Only a crazy art teacher would pack a good chunk of our luggage allowance full of glue, glitter, Crayola, and craft sticks.  One huge bottle of glitter would not fit in the suitcases.  My sweet son stuck it in his carry on knowing his momma can go through a lot of glitter and there is non to be bought in our city.

It is the last flight in a Chinese airport that is known for its security measures, I was prepared.  We had no liquids and confidently were waltzing through.  Then….

They took my glitter!

Hey, Hey, Hey!  That isn’t liquid or flammable I heard myself whining and then pleading with my sweet husband to come to my aid in defensive of the red glitter.  How do you explain what glitter is to an officer who  never has seen the likes of a 5 lb bottle of the stuff  before!

I promise I won’t blow up your plane with it!

Meltdown was completely unneeded.  The second round through the scanner machine thingy deemed it harmless and it was handed back to me.  I noticed them raising an eyebrow at the crazy white woman and her glitter.

Jet lag is to blame for a lot of bad behavior….my whining included.  That is my story and I am sticking to it.

We are back glitter and all so thankful to be “home.”

Now that jet lag is mostly behind us we are jumping back into life.  The kids started homeschooling today and attended Chinese classes in the afternoon.  Hubby had his first day of classes – three literature classes, two oral english classes and a weekly lecture are sure to keep him busy.  I had my first meeting at the orphanage to set up classes too.  It was a big day setting up the fall semester for the Williams clan.

One of the kids at the orphanage summed it up well.  “So glad you are back.  How about you start art class NOW.”  Love that kid!  I think he will get an extra scoop of glitter the first day of class!


Afternoon learning fun and split pants.



We have the benefit of two worlds…homeschooling and an international school.  In the mornings you will find us huddled around our coffee table learning together, but by noon the three big kids are packed up and heading out the door to the international school.  There they have Chinese classes and specials (art, music, PE, and library) plus some invaluable time with others kids who live in a culture that is not their own.  They have made some great friendships and their Chinese, including reading and writing, has improved dramatically over the year.

This past week the school hosted an art fair.  It was a great time for all….well except for Little Man.  Oh, that is a story in itself!!  I will get back to that.  Each of the big kids had projects in the fair and I loved taking it all in.  Got a few ideas for my classes too!  Their art teacher is amazing.  So appreciate her hard work!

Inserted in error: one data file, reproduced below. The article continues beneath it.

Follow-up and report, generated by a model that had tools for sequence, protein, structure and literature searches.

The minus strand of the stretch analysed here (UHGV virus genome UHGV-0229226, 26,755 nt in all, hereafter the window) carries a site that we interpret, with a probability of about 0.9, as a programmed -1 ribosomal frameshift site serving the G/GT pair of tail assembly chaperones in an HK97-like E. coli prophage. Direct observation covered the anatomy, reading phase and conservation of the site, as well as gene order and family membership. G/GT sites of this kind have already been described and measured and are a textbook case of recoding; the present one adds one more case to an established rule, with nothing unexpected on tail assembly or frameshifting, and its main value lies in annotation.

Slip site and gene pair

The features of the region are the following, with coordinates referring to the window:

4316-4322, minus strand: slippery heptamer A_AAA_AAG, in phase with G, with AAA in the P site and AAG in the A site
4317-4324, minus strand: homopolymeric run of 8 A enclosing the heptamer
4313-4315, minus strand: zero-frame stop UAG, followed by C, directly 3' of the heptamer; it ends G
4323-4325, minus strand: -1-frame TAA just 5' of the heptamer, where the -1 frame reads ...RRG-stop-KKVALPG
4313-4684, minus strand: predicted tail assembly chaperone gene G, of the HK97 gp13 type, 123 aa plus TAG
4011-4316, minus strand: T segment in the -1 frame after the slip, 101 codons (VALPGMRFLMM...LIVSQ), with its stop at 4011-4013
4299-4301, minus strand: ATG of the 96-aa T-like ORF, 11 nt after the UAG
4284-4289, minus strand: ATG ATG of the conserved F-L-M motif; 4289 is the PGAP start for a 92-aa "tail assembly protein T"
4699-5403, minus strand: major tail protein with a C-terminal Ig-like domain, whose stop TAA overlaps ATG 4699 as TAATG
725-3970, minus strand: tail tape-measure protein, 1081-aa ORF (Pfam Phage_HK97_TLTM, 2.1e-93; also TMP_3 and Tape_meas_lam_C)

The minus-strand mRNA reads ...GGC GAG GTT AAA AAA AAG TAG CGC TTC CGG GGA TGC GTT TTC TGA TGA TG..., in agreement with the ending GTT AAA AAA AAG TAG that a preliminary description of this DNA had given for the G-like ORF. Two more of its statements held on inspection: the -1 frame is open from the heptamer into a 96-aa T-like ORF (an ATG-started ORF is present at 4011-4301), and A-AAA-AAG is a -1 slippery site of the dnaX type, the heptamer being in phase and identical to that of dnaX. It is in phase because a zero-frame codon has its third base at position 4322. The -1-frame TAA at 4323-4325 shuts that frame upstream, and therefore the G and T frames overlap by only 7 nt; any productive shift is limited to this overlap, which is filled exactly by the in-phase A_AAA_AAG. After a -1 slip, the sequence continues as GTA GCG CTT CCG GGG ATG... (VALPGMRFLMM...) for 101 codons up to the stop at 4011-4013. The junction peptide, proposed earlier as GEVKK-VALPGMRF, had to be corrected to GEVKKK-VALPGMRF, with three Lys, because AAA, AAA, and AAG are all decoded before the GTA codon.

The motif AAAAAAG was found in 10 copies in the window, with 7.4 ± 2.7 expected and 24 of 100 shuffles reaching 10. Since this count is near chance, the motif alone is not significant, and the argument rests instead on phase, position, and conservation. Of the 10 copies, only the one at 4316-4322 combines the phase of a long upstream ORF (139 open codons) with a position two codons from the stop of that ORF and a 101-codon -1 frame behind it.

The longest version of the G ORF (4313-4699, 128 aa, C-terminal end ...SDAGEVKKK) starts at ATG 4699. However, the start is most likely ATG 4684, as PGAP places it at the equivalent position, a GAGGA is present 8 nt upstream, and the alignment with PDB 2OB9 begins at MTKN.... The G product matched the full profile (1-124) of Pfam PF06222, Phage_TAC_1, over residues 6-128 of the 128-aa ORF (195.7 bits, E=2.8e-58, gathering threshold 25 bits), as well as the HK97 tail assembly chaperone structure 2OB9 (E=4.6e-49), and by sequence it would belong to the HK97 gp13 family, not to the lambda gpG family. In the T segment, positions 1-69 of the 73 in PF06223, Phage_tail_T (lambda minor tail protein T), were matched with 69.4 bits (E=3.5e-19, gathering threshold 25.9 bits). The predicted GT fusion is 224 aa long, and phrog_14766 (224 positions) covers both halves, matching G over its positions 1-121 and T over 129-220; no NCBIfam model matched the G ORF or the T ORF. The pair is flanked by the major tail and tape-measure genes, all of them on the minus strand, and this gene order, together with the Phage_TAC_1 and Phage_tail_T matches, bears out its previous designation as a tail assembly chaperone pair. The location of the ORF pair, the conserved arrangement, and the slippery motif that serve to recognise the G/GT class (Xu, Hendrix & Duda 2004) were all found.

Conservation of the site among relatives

The highlight of the afternoon was Roo winning the award for best project of the 4th grade.  She came up with this monochromatic masterpiece on her own using many different materials to show texture.  When she first showed me her piece, I again was amazed by her natural talent.  What a blessing to have our little artist encouraged by winning.  So proud of her.





While big sister was shining, Little Man was trying to hide.

Let’s start the story by saying that he has become Mr. Independent of late.  When he headed to the restroom on his own the thought ran through my head that it could be disastrous.  I should always listen to that still small mommy warning voice in my head!

He didn’t aim well.  He got wet.  Really wet.

So in the middle of the art show I was scrambling to find him a change of pants.  I found a gracious Chinese mom who was willing to loan us her son’s extra set of clothes.  I was so relieved until I noticed that they were traditional Chinese split pants.  Split pants are exactly what they sound like.  There is a split in the middle….for easy aiming, I might add, so that you don’t have wet clothes with young ones.  No pull-ups around here, young kids walk around with it all hanging out of the split.

So poor little man had to be wet or exposed.  Hard choice.  He really hates being wet.

True to his nature, he pulled those pants on and turned those cheeks towards me and shook them singing, “booty, booty, booty!”

The rest of the afternoon he spent wrapped up in my sweater trying to hide that cute little booty.

He said, “I don’t like these “showing” pants.  I might have been born in China, but I am American and we don’t wear split pants!”

For many reasons, it was an afternoon we won’t forget!

No photos of Little Man from the day! 😉

New country same foot in mouth disease

For any of you who know me even just a teeny tiny bit, you know that embarrassing moments and stories seem to follow me.  Okay, maybe I have a bit to do with it.  I really don’t mean to be such a crazy white woman, but….well, sigh!  If you consider that I live in a country that is not my own, speaking a language that isn’t easy for this blonde to grasp – you can imagine the outcome is even more hilarious stories where I am turning red and wondering what went wrong.

This is one reason I love teaching art to special needs kids.  They get me.  They show me grace when I make mistakes, say the wrong things and I can be my crazy messy white self and have no fear.  Until…..

Oh friends….

I am in the middle of a very messy paint project that included straws and my declaration that we could paint fireworks  (we did by the way.  it was so fun!)   When our classroom was taken over by some very official looking people, the orphanage director and a camera crew.  My heart stopped.  I wiped the paint from my elbow and smiled a wobbly grin as the children jumped to their feet to greet the visitors.

Did you hear my inner groan?

I knew it was even more official and the people even more important than I at first feared when the children started greeting them with practiced phrases that I really don’t understand the full meaning of.